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A week of 'abandonment, desperation, suffocation, isolation'

Jan. 12, 2010 8:32 P.M. (Updated: Jan. 19, 2011 12:18 P.M.)
Bethlehem - Ma'an - On 12 January 2009, one year ago today, nine Palestinian detainees were blindfolded, handcuffed, and transported to Israel's Erez border crossing. Several hours later, they were told to run into Gaza, to look straight ahead - and not to look back.

During their time at Erez, the nine were subjected to harsh interrogation and made to strip completely, one of them alleged, capping off more than a week of mistreatment described by other detainees as amounting to abandonment, desperation, suffocation and isolation.

On the morning of 5 January, the Al-Atatra sandpits area 10 kilometers north of Gaza City, a largely agricultural neighborhood with orange and lemon orchards, suffered heavy aerial bombardment, which was followed by a ground incursion by Israeli troops.

Richard Goldstone's UN inquiry met six people, members of the same extended family and residents of Al-Atatra, three of whom were direct witnesses and victims of the events that occurred in the aftermath of the ground incursion. Their testimonies are supported by those of three others, also residents of Al-Atatra, submitted to the mission by an NGO, the final report of the mission stated.

Goldstone's report quotes a witness who states that all 65 detainees from the original group taken from Al-Atatra to Israel were eventually released. Some members of his family were detained afterwards, but not in the original group of 65, according to the report. At the time of writing, three of these remain incarcerated in various detention facilities of the Israel Prison Service.

An unknown number remain in prison facing charges of being illegal combatants and members of the Al-Qassam Brigades, Hamas' military wing. The first hearing was scheduled to be held in August in Israel.

The saga began on the morning of 5 January, shortly after the ground operations began, when an estimated 40 Israeli soldiers broke into several homes, including that of the witness, who is not named for "security reasons." He described to the Goldstone mission how 65 persons, several of whom were holding white flags, were made to assemble in the street.

The soldiers separated the men from the women. The men were made to line up against a wall and strip to their underwear. The witness indicated that any attempt to resist the soldiers was met with physical force, resulting in injuries.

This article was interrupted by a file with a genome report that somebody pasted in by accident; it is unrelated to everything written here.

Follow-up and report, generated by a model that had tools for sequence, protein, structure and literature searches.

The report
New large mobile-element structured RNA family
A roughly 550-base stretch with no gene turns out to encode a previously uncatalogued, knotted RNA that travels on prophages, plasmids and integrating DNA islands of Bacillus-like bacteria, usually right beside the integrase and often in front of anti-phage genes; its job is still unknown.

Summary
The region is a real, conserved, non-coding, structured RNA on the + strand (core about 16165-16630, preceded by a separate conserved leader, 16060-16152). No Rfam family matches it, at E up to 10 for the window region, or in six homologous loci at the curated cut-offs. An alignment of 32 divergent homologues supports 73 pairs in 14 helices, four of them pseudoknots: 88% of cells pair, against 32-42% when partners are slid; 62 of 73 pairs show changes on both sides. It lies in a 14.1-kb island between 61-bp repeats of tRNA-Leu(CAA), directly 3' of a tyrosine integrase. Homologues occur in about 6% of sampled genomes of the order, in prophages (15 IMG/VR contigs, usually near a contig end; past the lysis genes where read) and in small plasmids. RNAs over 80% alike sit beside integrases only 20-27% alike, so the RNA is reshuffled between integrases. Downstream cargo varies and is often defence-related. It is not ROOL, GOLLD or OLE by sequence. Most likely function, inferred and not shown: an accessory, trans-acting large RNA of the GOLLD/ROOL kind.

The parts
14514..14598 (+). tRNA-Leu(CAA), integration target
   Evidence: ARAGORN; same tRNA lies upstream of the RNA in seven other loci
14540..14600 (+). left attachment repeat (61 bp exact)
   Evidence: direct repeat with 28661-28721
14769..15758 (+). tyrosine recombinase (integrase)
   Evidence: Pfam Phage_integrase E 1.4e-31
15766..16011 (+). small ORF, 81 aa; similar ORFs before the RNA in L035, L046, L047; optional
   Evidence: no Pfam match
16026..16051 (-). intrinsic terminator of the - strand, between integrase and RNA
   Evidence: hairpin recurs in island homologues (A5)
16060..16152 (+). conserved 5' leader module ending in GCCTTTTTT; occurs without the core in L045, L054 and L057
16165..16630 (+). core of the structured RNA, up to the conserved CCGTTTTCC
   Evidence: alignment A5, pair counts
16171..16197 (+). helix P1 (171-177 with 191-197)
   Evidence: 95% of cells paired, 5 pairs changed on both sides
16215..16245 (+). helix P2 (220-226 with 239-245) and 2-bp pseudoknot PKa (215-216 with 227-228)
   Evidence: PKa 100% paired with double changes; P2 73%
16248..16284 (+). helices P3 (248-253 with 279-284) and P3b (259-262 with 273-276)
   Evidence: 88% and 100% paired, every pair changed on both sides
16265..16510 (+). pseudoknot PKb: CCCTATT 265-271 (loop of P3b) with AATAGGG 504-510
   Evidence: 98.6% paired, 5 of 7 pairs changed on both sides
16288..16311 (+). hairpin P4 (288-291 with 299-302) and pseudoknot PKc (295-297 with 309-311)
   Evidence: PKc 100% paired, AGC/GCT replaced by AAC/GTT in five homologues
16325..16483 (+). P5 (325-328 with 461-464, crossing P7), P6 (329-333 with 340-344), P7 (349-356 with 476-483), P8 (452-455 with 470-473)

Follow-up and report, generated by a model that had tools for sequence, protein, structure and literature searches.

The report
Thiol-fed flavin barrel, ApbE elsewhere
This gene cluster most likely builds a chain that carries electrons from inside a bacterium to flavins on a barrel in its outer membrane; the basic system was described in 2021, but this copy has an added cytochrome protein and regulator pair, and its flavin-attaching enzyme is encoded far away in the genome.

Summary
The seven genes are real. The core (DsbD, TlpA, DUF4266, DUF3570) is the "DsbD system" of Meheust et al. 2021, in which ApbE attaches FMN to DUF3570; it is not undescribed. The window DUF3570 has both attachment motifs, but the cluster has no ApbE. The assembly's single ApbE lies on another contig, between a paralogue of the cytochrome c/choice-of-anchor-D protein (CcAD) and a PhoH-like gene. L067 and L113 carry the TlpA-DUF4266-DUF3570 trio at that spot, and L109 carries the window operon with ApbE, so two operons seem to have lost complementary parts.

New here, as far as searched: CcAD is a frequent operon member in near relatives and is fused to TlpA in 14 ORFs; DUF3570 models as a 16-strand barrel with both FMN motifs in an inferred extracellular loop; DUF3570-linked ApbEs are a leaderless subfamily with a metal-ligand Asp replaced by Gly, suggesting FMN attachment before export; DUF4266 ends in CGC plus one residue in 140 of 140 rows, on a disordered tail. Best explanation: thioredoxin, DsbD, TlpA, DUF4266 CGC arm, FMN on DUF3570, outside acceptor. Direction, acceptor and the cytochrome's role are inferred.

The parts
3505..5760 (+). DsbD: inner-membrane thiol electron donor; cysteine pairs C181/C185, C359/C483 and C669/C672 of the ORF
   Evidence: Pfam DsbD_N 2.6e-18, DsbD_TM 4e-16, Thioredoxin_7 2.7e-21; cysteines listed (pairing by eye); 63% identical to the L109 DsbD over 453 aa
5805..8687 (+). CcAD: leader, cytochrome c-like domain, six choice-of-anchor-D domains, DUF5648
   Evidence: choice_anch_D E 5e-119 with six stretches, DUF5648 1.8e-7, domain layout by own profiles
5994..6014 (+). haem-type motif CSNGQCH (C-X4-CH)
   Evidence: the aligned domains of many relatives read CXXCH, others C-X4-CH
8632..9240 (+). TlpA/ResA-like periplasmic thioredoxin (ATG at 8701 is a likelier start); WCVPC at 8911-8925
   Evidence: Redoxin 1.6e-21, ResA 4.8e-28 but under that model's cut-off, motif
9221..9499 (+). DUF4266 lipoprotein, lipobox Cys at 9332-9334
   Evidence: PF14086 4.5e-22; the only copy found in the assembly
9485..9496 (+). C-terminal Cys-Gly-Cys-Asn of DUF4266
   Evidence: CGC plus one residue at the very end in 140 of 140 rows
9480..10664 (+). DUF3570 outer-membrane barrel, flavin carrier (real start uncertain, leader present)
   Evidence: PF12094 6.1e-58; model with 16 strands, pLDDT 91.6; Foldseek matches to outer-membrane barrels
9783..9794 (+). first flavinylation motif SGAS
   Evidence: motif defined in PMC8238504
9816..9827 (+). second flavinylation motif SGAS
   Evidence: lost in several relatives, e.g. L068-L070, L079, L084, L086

Approximately 20 minutes later, they were taken into a house owned by Khalil Misbah Attar, where they were detained for a day, the men still separated from the women. The house had been struck by a number of missiles that morning and was badly damaged. Witnesses indicated that the house was at that time being used by the Israeli armed forces as a military base and sniper position.

At around 10 pm, all of the men were handcuffed behind their backs with plastic restraints and blindfolded. The men, 11 women and at least seven children below the age of 14 were taken on foot to Al-Kaklouk located south of the American School, one to two kilometres away. Many of the men remained in their underwear, exposed to the harsh winter weather (According to the BBC weather services, temperatures in the Gaza Strip in December and January, on average, vary from maximum 17° to minimum 7° Celsius.).

The witness told Goldstone that, on arrival at Al-Kaklouk, everyone was asked to clamber down into trenches, which had been dug to create a pit surrounded by a wall of sand, about three meters high. There were three such pits, each of which was surrounded by barbed wire. They were estimated to cover about 7,000 square meters ("six or seven donums") each.

He described how they were assembled in long single files, rather than massed together, and held in these pits, in the open air and exposed to cold temperatures for three days. Each pit accommodated approximately 20 people. They were forced to sit in stress positions, on their knees and leaning forward keeping their heads down. They were monitored by soldiers and were not allowed to communicate with each other. They had no access to food or water on the first day of their internment, and were given a sip of water and an olive each to eat on the second and third days of their detention.